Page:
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AL 3414. 114.6

Entered, according to Act of Congress, in the year 1855,

in the Clerk's Office of the District Court of the United States, in and for the Southern District of New York.

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It might be of some use to such of our young authors as are just about to begin their career in letters, were I to state the reasons which governed me, some eighteen years ago, in giving this story, with several others of the same family, to the public, anonymously. But I am not prepared, just yet, to enter the confessional. The matter is of a sort to keep. I treasure up much curious literary history, the fruit of a protracted experience, in reserve for a day and volume of greater leisure and deliberation. Enough now, to say that I had my interest ay, and my fun too—in the mystery with which the publication of the work was originally clothed; and, if I had one counsel, over all, to impart to the young beginner, it should be to cling to the anonymous in literature as long as it will afford him a decent cover. Were I now, for the first time, beginning my own career, with the possession of the smallest part of my present experience, my left hand should never know what my right is doing. I should not only keep the public in ignorance of my peculiar labors, but I should, quite as religiously, keep the secret from my friends and associates. This is especially necessary, if you would be safe; if you would have anything like fair play; if you would escape from a thousand imperti


nences; if you would hope for any honest judgments. There are very few friends, indeed, to whom you can trust any of your secrets; and this of authorship, is one, which, of all others, is least easy to keep. Your friend is vain on your or on his own—which is much the most likely—and must blab, with even slighter precautions than were taken by the barber of King Midas. Even if he honestly keeps your secret, what is the profit to you in letting it out of your own hands? You must employ an agent in finding your way to the press, but this need not be one of those whom you rank among your friends. A business transaction may be kept secret; but a confidence, gratuitously given, is rarely safe. If you reveal a secret, unless from the necessity of the case, you may reasonably be supposed to desire its farther circulation. So friends mostly understand it.—And, do not deceive yourself with the notion, that, by confiding to the persons nearest to you, and who most share your sympathies, you can possibly derive any advantage from it. They can seldom serve you in any way. They can give no help to a reputation which is to be founded on your own real merits; no counsel, of any value in an art which they themselves do not profess, but which they are still very prone to teach; exercise no influence which is not apt, in some way, to prove pernicious; and, whether they praise or blame, are generally the worst judges to whom you could submit your productions. Go to your cook in preference. Your friends always find your own personality conflicting, in their minds, with your productions. They never separate you from your writings. Their personal and local associations perpetually start up to baffle the free influence of your works upon their thoughts and hearts; and they weigh your opinions, or your imaginations, or your designs and inventions, with a continual reference to yourself, as you appear in ordinary society. In society, you are perhaps nothing; silent as Gibbon-without any of the small change of conversation-that clinking currency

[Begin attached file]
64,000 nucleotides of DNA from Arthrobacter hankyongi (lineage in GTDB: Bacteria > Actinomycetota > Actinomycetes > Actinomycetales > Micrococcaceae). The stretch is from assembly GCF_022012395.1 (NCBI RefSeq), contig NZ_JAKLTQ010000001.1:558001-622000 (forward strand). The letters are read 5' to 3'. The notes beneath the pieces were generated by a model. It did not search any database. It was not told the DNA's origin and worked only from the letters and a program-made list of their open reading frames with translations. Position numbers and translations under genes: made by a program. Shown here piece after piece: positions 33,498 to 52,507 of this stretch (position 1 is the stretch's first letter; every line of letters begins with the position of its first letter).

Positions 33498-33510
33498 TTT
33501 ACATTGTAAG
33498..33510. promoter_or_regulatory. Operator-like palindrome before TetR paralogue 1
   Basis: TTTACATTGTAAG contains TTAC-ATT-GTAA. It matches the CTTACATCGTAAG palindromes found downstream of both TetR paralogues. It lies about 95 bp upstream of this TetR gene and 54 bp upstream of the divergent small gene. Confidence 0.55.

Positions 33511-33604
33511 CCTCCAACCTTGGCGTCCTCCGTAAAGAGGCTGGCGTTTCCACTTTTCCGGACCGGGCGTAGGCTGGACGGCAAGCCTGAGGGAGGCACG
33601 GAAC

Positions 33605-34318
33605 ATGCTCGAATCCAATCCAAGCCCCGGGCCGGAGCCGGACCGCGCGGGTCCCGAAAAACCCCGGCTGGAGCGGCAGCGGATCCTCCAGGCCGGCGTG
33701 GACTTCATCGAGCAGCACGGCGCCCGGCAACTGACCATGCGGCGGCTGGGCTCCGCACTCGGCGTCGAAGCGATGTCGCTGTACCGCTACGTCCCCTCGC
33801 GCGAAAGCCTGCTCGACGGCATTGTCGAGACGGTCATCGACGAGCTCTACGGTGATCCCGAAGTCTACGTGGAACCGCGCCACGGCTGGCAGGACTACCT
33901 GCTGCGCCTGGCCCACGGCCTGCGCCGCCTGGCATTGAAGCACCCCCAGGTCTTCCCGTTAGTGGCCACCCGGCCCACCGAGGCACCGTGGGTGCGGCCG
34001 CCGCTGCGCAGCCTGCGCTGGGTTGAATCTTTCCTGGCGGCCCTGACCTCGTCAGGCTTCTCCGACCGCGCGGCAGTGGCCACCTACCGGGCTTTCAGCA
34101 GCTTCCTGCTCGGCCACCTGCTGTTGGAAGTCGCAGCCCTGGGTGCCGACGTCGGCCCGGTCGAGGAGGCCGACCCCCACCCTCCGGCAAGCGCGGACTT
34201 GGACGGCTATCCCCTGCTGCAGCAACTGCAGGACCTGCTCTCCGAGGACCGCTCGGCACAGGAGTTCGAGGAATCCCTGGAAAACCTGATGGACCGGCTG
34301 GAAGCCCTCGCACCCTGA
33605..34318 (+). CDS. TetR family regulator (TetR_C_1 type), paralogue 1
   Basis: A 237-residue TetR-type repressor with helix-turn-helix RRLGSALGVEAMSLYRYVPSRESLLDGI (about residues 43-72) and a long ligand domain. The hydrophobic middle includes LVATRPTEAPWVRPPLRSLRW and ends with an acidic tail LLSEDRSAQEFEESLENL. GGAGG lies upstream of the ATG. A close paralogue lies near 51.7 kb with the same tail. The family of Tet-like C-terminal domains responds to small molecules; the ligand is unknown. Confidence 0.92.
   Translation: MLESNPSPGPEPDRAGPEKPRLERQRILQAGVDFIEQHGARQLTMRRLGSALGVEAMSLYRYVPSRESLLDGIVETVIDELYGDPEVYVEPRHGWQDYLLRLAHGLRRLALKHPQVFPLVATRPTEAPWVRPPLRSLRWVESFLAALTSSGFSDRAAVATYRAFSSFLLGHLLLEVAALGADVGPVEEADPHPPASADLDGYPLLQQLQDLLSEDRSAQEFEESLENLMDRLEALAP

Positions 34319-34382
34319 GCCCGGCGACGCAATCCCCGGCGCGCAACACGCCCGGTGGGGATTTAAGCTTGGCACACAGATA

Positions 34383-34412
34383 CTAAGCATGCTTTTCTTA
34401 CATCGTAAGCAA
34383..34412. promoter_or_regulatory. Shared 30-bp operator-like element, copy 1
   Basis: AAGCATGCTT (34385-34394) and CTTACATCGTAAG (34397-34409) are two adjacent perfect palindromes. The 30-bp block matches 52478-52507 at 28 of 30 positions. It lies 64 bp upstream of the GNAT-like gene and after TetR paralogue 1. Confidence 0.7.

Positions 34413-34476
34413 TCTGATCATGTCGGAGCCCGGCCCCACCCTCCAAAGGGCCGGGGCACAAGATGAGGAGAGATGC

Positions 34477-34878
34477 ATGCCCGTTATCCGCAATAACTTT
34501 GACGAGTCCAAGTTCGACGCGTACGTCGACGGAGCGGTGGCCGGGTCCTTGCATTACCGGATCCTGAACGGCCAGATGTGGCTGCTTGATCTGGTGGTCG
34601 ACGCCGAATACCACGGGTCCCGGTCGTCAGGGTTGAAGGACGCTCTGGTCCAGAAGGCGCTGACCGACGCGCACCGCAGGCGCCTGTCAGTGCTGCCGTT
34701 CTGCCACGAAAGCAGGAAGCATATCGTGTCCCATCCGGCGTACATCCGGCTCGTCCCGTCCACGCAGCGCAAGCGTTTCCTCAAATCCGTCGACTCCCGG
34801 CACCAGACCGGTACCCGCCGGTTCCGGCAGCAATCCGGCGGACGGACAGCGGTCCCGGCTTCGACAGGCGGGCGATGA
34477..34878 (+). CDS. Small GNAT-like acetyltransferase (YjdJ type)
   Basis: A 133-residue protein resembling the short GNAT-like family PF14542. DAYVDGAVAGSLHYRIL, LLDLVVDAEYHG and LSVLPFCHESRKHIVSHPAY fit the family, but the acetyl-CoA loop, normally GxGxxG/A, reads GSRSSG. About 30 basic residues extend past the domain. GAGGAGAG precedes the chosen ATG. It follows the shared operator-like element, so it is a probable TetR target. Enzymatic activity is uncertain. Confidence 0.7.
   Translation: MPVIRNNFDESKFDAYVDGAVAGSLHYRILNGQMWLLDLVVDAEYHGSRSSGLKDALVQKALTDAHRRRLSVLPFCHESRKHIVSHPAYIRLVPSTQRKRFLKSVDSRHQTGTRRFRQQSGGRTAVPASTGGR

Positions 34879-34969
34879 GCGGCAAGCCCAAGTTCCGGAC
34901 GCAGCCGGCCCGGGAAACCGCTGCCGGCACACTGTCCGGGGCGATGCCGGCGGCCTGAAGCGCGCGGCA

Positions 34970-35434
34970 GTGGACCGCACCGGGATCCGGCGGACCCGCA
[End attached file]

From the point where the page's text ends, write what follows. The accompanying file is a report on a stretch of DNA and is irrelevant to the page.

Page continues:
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which best passes among ordinary people, and which need not be true coin, at all—though you may be able to draw for a thousand pounds and you thus socially appear at great disadvantage with the very persons to whom you confide your secret, and trustingly declare your labors. What can be the result? Your friend, who has known you only in social relations, is required to feel surprise at your performances, or to speak very qualifiedly of their merits. He is reduced to this alternative.If he admits himself to be surprised, it is equivalent to confessing that he has not had the capacity to discover your peculiar endowment. His self-esteem will oppose any such admission, and he disparages it accordingly. "He has always known that you had a certain talent;"-" but-it was surely a little too bold of you to undertake a book!" And this will be ought and said without any wilful desire to harm; simply from what seems necessary to self-respect and the maintenance of old position and the old social relations. And, do you not see, that, if you continue presumptuously to write books, it is possible-barely possible-that you will outgrow your circle? Every chatty, conceited, "talking potato" of it, is personally interested in preventing such a growth. The instincts of mediocrity are always on the watch and easily alarmed; and it perpetually toils to keep down any growth which is calculated to fling a shadow over itself. And this is all very naturalnot to be complained of, or quarrelled with. The safest way to avoid any of these perils, and much annoyance, is to keep your secret, and let your book find its way alone. Let the book win the reputation before you claim the authorship.

Of all this, something hereafter. My own humble experience in authorship, of some twenty-five years growth, will some day furnish ample materials for a volume of literary anecdote, which, I promise the reader, will not be found less valuable for its lessons, because so well calculated to provoke frequent merriment. I shall make the attempt, in more elaborate pages, to

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